When i weld sheetmetal, i tack it up first, then get a bucket of water with a rag or sponge in it. Weld a little bit, then quench it. Move around. Repeat. It minimizes the warpage quiet a bit. Heres a couple random pics using this method. A rocker repair and antenna delete.


                    • #11
                      trial and error of the given geometry of a whole area.
                      I started with less than 20ga japanese tin..15 years ago now. that wa sin the middle of winter, white salt still ont he panel.
                      no one told me that was abnormal.

                      it ended up a lesson i carry into gm truck frames.

                      I never warp anything...of course, I am only on my first summer of 220v options. always been gentle 110v, or slow on the high setting to keep heat.
                      where there is a will there is a way.

                      ..I ignore stacking dimes or whatever that artwork is. i go for connections.
                      looking back, I have done all the normal chores. rockers, floors, cab corners (quarters), cross sills, framing, laminating..rivet swapping to bolt conversion.
                      not much else left in the automotive world.

                      my very first metal work was brazing my chevette exhaust in the 80s (high school shop class with a teacher)
                      Previously boxer3main
                      the death rate and fairy tales cannot kill the nature left behind.


                      • #12
                        Originally posted by redneckjoe69 View Post
                        When i weld sheetmetal, i tack it up first, then get a bucket of water with a rag or sponge in it. Weld a little bit, then quench it. Move around. Repeat. It minimizes the warpage quiet a bit. Heres a couple random pics using this method. A rocker repair and antenna delete.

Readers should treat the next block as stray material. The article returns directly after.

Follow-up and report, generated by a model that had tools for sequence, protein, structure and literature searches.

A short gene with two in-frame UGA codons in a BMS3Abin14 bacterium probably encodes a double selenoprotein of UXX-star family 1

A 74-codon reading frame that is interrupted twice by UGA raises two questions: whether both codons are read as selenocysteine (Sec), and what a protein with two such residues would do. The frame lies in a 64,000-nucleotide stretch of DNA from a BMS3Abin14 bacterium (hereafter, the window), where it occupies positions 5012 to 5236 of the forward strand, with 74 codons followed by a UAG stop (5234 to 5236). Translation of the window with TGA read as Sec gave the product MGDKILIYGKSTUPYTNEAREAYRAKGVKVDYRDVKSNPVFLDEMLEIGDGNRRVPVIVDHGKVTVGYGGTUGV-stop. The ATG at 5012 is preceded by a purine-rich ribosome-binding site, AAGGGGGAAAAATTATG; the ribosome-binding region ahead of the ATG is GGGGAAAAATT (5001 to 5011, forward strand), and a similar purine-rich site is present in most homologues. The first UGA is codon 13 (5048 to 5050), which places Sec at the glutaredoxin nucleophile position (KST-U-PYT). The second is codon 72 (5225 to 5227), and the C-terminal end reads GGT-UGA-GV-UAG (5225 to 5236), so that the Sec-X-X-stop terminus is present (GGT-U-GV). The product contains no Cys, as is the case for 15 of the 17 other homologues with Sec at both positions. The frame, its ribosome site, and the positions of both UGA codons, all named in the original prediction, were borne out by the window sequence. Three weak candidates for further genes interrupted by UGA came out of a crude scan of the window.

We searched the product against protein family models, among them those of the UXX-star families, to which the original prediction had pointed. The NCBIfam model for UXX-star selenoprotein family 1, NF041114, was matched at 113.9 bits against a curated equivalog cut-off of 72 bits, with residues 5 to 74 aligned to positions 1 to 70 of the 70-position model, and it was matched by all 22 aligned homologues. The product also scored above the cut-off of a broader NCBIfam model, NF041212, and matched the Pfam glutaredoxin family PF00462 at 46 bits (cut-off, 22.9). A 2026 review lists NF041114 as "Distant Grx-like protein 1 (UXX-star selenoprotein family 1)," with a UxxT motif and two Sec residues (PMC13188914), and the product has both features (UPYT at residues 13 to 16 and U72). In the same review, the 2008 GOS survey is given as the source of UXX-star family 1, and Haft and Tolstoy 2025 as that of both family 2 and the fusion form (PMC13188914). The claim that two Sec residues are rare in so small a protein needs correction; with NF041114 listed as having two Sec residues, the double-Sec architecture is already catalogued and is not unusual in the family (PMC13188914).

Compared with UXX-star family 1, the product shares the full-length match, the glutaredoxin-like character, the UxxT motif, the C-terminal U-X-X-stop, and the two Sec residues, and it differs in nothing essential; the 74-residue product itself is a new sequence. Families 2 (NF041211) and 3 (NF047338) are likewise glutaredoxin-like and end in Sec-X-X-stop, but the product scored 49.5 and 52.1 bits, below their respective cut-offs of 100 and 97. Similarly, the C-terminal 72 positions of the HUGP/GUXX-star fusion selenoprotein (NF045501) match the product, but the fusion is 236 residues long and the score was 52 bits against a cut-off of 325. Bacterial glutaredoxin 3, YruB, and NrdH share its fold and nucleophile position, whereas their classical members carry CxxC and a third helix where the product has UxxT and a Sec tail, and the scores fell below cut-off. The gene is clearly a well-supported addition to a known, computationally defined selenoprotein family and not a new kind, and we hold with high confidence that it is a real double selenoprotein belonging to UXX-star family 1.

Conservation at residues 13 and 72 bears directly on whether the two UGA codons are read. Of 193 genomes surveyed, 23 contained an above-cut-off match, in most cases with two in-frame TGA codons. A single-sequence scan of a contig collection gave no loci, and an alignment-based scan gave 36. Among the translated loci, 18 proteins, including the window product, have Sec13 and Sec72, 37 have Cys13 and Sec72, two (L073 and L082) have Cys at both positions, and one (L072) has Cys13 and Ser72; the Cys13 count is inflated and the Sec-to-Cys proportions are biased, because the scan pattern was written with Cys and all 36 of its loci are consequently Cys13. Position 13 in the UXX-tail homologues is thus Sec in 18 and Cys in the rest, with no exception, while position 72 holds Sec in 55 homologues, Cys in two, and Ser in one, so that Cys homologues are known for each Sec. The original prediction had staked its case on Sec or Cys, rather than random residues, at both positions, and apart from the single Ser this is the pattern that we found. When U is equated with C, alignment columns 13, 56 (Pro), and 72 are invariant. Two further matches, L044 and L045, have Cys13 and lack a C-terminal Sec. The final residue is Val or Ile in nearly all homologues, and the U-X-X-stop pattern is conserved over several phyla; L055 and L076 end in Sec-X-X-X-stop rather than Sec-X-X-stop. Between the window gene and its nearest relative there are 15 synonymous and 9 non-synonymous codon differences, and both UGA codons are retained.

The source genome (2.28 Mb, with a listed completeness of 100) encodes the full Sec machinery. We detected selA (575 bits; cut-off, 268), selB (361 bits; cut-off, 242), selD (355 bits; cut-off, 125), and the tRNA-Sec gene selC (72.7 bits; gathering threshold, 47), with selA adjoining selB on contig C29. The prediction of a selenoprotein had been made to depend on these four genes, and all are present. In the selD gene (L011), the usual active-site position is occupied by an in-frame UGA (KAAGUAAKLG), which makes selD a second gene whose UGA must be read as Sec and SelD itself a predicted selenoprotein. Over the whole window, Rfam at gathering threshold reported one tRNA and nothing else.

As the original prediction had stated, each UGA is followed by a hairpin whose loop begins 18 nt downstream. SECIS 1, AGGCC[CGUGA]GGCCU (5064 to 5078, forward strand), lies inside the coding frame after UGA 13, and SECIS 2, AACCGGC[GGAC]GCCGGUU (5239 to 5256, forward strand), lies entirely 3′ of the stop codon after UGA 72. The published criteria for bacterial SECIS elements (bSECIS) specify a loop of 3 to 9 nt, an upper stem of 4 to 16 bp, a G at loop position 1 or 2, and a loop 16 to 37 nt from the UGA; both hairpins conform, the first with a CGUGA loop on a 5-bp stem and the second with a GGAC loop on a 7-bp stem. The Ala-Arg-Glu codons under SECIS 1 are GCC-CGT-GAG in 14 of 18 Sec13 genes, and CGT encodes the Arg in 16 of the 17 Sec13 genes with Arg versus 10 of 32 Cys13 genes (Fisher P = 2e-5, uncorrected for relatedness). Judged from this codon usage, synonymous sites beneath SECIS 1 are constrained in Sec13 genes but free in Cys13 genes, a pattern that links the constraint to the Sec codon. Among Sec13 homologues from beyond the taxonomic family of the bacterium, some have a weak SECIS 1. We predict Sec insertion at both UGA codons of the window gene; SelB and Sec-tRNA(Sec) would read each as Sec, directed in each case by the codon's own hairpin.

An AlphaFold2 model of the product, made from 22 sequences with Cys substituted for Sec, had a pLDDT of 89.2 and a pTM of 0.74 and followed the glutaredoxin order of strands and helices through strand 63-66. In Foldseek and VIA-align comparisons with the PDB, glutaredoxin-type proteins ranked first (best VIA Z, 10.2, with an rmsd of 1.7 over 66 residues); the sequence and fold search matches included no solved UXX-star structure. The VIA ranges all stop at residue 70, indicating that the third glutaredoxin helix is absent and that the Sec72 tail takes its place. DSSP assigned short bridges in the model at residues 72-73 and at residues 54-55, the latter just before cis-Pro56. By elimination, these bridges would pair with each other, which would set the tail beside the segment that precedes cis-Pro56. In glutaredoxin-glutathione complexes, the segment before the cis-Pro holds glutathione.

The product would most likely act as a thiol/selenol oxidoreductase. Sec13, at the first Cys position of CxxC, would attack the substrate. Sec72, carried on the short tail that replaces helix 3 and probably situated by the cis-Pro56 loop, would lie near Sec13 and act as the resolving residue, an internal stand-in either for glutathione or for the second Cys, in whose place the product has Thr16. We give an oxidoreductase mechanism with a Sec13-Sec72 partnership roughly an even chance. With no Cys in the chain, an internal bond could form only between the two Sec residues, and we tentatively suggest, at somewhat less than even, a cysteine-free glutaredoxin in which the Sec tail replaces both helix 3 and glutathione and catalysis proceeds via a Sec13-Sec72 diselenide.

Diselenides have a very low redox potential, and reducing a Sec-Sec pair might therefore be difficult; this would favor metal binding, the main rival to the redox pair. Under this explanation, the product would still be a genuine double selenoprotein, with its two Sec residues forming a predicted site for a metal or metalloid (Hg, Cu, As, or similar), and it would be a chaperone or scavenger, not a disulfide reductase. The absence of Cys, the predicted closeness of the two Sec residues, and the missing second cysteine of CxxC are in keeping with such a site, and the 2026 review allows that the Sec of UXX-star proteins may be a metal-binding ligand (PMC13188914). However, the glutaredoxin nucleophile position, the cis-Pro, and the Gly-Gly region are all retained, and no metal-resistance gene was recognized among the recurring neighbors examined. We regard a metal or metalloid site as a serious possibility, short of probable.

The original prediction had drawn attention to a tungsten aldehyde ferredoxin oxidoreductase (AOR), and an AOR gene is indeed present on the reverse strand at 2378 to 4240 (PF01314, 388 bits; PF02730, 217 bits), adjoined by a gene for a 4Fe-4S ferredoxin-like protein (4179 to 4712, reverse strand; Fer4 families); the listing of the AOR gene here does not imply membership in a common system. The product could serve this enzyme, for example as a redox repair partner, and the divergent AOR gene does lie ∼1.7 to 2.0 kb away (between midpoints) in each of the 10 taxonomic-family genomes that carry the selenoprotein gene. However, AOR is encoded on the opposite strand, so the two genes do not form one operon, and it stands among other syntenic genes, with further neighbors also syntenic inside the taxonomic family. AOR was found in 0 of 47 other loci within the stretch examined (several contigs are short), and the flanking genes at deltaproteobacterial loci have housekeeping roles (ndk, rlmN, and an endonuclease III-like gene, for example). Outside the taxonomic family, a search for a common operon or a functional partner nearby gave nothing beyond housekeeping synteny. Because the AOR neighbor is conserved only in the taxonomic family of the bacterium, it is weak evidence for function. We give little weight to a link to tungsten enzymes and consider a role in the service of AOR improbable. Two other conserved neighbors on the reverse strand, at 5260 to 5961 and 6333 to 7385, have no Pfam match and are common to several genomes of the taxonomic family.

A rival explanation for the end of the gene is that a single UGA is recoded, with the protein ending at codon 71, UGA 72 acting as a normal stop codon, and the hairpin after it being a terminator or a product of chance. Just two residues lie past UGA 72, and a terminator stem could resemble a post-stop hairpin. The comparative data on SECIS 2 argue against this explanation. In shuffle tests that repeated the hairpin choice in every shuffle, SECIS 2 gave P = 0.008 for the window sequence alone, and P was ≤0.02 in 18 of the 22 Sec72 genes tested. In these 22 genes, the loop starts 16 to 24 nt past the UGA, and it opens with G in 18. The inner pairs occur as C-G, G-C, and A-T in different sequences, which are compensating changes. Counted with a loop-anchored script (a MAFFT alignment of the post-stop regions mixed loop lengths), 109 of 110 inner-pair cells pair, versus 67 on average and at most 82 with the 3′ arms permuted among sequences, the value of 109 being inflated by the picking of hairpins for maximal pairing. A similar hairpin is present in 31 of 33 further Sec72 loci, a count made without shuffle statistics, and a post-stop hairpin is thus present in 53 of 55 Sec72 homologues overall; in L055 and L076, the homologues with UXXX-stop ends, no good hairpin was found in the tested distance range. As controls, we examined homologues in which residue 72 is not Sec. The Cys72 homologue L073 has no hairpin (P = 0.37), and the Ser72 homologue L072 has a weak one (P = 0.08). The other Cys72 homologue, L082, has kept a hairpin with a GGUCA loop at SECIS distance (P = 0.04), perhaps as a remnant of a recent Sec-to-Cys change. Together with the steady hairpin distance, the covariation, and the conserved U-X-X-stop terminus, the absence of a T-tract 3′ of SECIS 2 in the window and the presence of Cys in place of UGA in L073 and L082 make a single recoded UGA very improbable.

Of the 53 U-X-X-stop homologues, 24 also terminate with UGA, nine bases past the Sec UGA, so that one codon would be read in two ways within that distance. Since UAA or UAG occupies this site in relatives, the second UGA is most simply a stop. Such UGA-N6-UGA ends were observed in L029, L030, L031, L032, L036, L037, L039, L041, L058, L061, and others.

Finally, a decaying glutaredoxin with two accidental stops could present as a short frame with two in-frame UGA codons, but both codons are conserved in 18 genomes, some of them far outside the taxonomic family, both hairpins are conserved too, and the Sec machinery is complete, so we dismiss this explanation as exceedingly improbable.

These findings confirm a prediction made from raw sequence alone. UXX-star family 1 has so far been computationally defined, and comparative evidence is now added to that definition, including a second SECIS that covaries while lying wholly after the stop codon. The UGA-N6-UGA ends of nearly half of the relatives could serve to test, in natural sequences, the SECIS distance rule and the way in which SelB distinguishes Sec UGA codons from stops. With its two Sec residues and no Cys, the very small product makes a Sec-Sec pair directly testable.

The only down side to that is that it hardens the weld beads considerably meaning the "grind to fit" process is more difficult. But that's kind of a tradeoff as you'll probably need less grinding. Toss of the coin........



                        • #13
                          as usual, "it depends" MP&C has some great videos, with access to youtube, it's amazing what you can learn. Welding tips and tricks .com is another great welding resource - he has a lot of great videos and does great camera work with clear gas lenses so you can literally watch the welding puddle as he does his work.... it's about as close to looking over an instructors shoulder as you can get.
                          There's always something new to learn.


                          • #14
                            For me structural welding is what I learned early on. I also started with O/A and was welding 1/8 inch stuff with good penetration. Note however it was stuff that I didn't need to worry about warpage. By the 90s working with mig and O/A I sorta restored/modified a 67 Mini, with body work by Dan Stokes. I deseamed the thing, and if it wasn't for Dan's ability it would have been wavy as Farrah Faucet's hair.

                            Now building the "Whatever" the body is fiberglass and NEW so hopefully I won't have body work to do. The chassis is all tubing and plate of various thicknesses, and I am tig welding alot of it, which forces me to slow down. I learned from others and experience to make small welds and let it cool. I also have the time to weld symetrically so that Mr. Shrink works for me.

                            But I am open to new (or old ) tricks tips and techniques. So keep them coming...